Labour has raised concerns about the appointment of Whitehall business roles currently at the centre of the Greensill lobbying scandal after it emerged one is held by a major Conservative donor.
Daniel Green, an entrepreneur who gave around £135,000 to the Tories in the run-up to the 2017 general election, was made a crown representative while David Cameron was still prime minister. The same position allowed Lex Greensill controversial access to major government departments.
That revelation has led to growing questions over whether the system of crown representatives – business people brought into the heart of Whitehall to help secure value for taxpayers’ money – is fit for purpose.
Shadow Cabinet Office minister Rachel Reeves told The Independent that the case “raises concerning questions about the links between Tory donors and crown representatives. Given growing concerns about revolving doors in government, we need urgent reassurances that stronger checks and measures will be put in place to tackle the Tory sleaze scandal.”
Boris Johnson has ordered an official investigation into the Greensill lobbying scandal, which erupted after it emerged that David Cameron texted the chancellor Rishi Sunak to urge him to include the company in a government Covid recovery scheme.
On Friday it emerged that financier Lex Greensill was announced as a crown representative by the same senior official he later employed at his firm, Bill Crothers.
Whitehall sources expressed shock last week when it came to light that Mr Crothers later started a job with Greensill while still working as a civil servant, a combination he insisted was not unusual.
Another crown representative, David Brierwood, also combined the Cabinet Office role with being a director at Greensill, for three and a half years.
The government-ordered inquiry has faced accusations that the prime minister is trying to mark his own homework.
In response, the National Audit Office and a number of parliamentary committees have announced they also intend to carry out their own inquiries.
Mr Green, who is the crown representative for the energy sector, said he did not accept any salary for the role and estimated that he had saved the taxpayer millions.
He said: “I agreed to become a crown representative on the basis that I wouldn’t claim any reward including the salary which comes with the role or any expenses. It was my way of giving back to this fabulous country. As a Jewish person you will understand that I feel very privileged to be able to continue my faith and contribute to this society without prejudice. I look forward to my children doing the same.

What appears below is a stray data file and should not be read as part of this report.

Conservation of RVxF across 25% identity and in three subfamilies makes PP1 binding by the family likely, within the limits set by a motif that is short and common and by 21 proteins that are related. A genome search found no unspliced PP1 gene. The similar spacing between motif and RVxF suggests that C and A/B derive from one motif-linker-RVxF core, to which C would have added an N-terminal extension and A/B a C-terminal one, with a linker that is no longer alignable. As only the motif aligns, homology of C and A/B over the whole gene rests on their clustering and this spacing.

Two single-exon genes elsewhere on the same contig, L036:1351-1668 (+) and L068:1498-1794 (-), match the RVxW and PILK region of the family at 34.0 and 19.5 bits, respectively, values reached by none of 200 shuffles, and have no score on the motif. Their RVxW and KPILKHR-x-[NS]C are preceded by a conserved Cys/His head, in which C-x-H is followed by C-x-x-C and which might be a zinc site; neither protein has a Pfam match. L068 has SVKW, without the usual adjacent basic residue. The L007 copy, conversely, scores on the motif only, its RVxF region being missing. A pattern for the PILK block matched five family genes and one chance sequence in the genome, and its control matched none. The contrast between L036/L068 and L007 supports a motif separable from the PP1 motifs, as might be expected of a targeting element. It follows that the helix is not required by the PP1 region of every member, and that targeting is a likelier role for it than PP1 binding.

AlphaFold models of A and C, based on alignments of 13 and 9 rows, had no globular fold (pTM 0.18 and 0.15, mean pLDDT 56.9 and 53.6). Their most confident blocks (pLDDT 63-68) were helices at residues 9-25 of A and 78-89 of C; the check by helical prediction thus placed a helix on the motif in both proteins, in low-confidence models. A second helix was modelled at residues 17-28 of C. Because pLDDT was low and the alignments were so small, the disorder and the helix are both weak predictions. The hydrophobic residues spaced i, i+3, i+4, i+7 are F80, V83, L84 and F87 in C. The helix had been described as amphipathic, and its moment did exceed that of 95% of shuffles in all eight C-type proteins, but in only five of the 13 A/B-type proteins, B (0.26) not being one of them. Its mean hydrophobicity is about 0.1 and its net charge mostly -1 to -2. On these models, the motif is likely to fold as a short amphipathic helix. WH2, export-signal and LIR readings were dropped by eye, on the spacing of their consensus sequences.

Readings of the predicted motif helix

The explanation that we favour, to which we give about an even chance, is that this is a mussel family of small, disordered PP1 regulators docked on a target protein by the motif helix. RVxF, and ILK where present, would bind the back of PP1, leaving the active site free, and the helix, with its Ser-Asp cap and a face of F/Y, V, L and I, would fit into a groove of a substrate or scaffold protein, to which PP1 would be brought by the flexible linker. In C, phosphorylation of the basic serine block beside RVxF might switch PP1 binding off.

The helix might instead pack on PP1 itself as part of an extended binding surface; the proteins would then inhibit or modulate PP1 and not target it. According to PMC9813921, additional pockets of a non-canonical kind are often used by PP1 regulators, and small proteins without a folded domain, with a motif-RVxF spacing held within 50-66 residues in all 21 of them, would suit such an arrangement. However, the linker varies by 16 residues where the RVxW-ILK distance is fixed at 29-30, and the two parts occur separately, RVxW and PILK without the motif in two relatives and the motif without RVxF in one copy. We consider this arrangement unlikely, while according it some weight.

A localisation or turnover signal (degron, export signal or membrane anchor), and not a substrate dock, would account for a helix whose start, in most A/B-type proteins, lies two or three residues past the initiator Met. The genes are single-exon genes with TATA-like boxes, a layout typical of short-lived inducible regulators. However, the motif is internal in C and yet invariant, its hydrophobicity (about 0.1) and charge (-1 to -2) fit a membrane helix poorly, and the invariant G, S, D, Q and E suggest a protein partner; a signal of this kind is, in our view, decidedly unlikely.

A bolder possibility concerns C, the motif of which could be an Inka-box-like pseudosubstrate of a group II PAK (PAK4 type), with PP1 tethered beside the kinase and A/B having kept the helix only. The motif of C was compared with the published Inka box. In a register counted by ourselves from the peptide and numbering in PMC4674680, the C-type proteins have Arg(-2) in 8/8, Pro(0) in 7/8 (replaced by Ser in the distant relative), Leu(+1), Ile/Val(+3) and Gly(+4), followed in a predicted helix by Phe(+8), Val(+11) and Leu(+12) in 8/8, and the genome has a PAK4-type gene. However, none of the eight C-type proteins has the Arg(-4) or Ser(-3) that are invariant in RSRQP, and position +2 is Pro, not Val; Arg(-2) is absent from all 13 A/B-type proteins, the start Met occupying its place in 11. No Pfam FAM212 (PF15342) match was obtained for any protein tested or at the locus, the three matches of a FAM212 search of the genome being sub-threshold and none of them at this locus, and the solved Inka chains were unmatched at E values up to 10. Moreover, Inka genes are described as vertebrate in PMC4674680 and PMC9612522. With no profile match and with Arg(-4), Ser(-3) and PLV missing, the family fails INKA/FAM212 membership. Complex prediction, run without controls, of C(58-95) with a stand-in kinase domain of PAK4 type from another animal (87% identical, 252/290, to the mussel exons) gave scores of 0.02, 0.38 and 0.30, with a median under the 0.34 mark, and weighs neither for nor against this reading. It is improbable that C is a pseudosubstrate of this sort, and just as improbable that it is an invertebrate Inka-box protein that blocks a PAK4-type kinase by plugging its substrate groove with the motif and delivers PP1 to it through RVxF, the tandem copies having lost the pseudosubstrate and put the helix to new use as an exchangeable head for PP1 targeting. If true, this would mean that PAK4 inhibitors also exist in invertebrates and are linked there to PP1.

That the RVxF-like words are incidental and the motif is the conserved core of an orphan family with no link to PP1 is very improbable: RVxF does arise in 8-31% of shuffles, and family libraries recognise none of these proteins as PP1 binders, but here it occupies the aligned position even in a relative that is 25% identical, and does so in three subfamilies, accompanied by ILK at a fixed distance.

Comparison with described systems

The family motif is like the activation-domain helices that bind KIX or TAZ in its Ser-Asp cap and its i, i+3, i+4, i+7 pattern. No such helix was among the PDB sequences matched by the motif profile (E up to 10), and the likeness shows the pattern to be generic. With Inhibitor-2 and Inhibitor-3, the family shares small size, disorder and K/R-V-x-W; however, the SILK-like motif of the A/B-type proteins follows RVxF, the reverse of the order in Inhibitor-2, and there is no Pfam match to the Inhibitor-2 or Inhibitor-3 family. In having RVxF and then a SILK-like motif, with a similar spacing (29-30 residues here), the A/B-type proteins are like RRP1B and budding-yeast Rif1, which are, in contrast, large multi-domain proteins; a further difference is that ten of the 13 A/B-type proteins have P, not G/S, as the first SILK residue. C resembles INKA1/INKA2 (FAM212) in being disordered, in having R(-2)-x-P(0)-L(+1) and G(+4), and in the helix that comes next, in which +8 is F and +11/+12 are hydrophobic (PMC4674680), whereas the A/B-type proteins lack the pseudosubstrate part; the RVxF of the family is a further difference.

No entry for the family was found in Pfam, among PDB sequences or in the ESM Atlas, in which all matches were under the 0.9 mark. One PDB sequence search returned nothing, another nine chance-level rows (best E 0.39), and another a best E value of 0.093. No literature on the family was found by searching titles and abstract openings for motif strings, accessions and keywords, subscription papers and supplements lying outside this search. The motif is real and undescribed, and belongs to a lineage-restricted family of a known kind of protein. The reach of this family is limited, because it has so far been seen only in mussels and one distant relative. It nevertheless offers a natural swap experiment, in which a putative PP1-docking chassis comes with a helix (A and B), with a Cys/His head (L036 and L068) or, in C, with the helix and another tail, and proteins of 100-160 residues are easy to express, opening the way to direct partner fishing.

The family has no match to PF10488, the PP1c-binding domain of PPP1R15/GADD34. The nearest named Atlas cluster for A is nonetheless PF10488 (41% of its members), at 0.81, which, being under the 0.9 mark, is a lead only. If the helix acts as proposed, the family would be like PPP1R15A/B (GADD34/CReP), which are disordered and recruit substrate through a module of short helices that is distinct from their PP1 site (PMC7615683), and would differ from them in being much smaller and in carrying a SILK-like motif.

“Unlike the other crown representatives I have a slightly different role which is more akin to general business advice and I do not have direct contact with any of the strategic suppliers of the government. Therefore there is no conflict nor do I believe that there could be one within my remit.
“With regard to my donations to political parties, it is true that I have made donations to both major parties. The Labour donation was with regard to a candidate for London mayor some years ago. My Tory donations were in respect of the opposition being Ed Miliband and Jeremy Corbyn.
“In both cases particularly the latter I was concerned that life as a Jewish person may become more difficult in the United Kingdom.
“I have not donated since as I actually feel that the current opposition is healthy. I also feel that their stance on green issues which are close to my heart could be more genuine and deliverable and I include Ed Miliband in that summation.”
He added: “I’m proud of the work I have done at my own expense. I believe real long term satisfaction comes from giving.”
Downing Street said crown representatives were recruited for their working knowledge of specific sectors to communicate government needs and identify areas for cost savings, to save money for the taxpayer.
A No 10 spokesman added that they have no role in and do not participate in the procurement process.
A Cabinet Office spokesman said: “Crown representatives do not participate in the procurement process nor are they able to award any contracts. They are part-time senior executives recruited for their working knowledge of a sector to help ensure value for money for the taxpayer.
“All crown representatives go through regular propriety checks and cannot work with a supplier where there could be a conflict of interest.”